Strange happenings take place all the time in different places including public dancehalls and courts of law. The following is a true story which started in a dancehall and ended in an appeal court in Hong Kong.

      On one occasion, I was retained as defence counsel for a young man accused of impersonating a police officer in the Tonnochy Dancehall. Tonnochy is one of a large number of dancehalls in Wan Chai at which dance music is provided together with food and beverages for which customers would naturally have to pay at the end of the evening. In addition, female...

    • 7 The Case of the Twelve £1 Million Cheques
      (pp. 105-106)

      Some tales, however humorous and interesting, are quickly forgotten. Others are more meaningful and leave the listener with a pleasant, warm, lingering feeling.

      A touching real-life story came to light in the early part of 1950 after a practising member of the chambers where I was serving my pupillage in London had passed away. I very much regret I can no longer recall his name.

      This barrister lived in the north of London and from day to day travelled by the underground to go to work. Every morning on his way to the tube station, he would stop by a...

    • 8 The Case of the Ruptured Kidney
      (pp. 107-124)

      The following is a murder trial and another of the eight court cases described in my first book, A Seventh Child and the Law. Since its publication, I have received not a few letters from interested readers enquiring politely but with great concern whether to my knowledge as defence counsel for the first accused, my lay client, and/or the second and third accused in the case, had in fact been responsible for causing the death of the deceased. If not, whether the police officers and men at Wong Tai Sin Police Station should instead have been charged. It is in...

    • 9 The Case of the Defendant with High Cheekbones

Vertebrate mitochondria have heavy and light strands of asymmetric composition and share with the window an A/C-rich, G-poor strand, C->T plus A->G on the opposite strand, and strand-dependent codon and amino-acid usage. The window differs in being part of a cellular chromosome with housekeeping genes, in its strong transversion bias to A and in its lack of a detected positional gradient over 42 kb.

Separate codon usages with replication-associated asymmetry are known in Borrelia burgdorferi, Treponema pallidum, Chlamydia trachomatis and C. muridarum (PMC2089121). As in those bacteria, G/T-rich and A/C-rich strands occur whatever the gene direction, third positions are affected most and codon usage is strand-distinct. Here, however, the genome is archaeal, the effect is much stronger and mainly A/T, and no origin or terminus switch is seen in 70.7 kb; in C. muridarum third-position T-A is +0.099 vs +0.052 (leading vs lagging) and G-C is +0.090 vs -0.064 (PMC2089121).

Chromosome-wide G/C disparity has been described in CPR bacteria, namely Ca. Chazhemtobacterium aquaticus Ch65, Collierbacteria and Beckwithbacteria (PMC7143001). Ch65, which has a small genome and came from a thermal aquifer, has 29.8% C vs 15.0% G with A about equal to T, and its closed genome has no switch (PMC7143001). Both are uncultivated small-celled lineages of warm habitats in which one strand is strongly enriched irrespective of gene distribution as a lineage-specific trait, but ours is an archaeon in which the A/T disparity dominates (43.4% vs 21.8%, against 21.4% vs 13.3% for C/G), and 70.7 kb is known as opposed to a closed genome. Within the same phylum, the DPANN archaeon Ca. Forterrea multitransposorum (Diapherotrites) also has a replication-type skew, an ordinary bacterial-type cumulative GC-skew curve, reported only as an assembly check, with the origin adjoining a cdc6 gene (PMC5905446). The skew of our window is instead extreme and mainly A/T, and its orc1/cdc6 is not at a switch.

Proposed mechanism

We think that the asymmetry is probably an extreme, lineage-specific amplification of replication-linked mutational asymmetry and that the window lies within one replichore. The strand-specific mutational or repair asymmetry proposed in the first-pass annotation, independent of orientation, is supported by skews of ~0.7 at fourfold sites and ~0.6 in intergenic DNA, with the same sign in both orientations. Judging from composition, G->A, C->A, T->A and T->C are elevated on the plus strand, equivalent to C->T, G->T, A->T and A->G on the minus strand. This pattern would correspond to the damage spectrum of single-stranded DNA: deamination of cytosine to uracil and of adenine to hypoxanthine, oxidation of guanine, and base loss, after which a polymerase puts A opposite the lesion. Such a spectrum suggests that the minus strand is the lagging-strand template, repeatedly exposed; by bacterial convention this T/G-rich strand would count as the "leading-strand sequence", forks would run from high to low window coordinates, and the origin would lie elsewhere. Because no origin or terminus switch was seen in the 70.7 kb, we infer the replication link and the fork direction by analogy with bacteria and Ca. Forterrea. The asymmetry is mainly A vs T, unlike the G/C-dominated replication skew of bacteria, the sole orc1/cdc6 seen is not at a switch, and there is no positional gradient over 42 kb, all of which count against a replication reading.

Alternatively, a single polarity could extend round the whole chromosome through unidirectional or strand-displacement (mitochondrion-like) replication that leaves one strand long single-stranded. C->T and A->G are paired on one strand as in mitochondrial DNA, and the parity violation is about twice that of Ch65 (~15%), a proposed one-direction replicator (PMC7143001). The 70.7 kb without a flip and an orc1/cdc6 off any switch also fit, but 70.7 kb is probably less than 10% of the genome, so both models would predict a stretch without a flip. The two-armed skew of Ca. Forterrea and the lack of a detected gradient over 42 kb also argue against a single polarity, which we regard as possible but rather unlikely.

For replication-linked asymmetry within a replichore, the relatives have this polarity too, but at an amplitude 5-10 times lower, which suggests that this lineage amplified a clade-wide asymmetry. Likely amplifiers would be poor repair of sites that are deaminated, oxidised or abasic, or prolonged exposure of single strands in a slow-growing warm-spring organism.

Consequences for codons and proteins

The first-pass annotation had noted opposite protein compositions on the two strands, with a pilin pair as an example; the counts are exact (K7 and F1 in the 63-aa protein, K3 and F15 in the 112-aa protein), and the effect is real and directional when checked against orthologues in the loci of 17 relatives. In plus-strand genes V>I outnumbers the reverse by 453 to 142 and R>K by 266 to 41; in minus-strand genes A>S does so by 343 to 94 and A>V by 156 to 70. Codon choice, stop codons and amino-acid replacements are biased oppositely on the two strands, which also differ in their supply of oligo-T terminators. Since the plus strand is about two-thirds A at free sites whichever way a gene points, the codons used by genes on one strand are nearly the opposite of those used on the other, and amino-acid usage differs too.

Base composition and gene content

(pp. 125-126)

      Cross-examination is a very useful weapon in the armoury of every lawyer but even the best-planned cross-examination can be thwarted by unforeseen circumstances.

      On one occasion, I defended a young man charged with attempting to snatch the handbag of an elderly lady and causing her to fall and injure herself. The defendant was arrested running away from the scene of the offence where a crowd of bystanders had gathered. He denied the charge and maintained that he was not running away but instead giving chase to the offender when he was wrongly arrested. In other words, he maintained that the...

    • 10 The Case of the Foreign Litigant Who Wisely Refrained from Bribing the Trial Judge
      (pp. 127-128)

      This is no more than just another amusing story about lawyers, judges, and foreign litigants.

      A foreign litigant kept asking his solicitor in the middle of a somewhat long and difficult case how he weighed the chances of an ultimate victory. The solicitor time and again responded with the same answer, namely, that it was impossible to gauge the prospects because everything depended on whom the trial judge would more likely believe and, so far, he had given no indication whatever as to how he felt about the matter. Meanwhile, the trial continued on its normal course and there was...

    • 11 The Case of the Solicitor Who Was Convicted of an Offence Not Known to Law
      (pp. 129-144)

      There is nothing novel, unusual, or wrong about witnesses in a trial before a court of law getting paid. The law permits it, and judges have every so often expressly ordered it. But such payments are normally intended only to defray travelling expenses and sometimes to compensate for the loss of time or income incurred as a result of the witnesses having to attend court. They are not calculated to influence the nature of any evidence to be given.

      The nature of the evidence to be given by any witness is primarily governed by the oath he has to take...

    • 12 The Case of the Court Interpreter Who Loved to Show off His Knowledge of English
      (pp. 145-148)

      Court interpreters play an important role in legal proceedings in any country whenever more than one language is spoken. Inevitably, the administration of justice from time to time depends to a large extent on their expert knowledge of the different languages involved, and the accuracy of their interpretation of the evidence given in any particular language.

      As of today, the majority of our judges and barristers are no less proficient than our court interpreters in either Chinese or English so that occasional errors in interpretation of statements made by witnesses would more often than not be instantly detected and corrected....

  7. Index
    (pp. 149-154)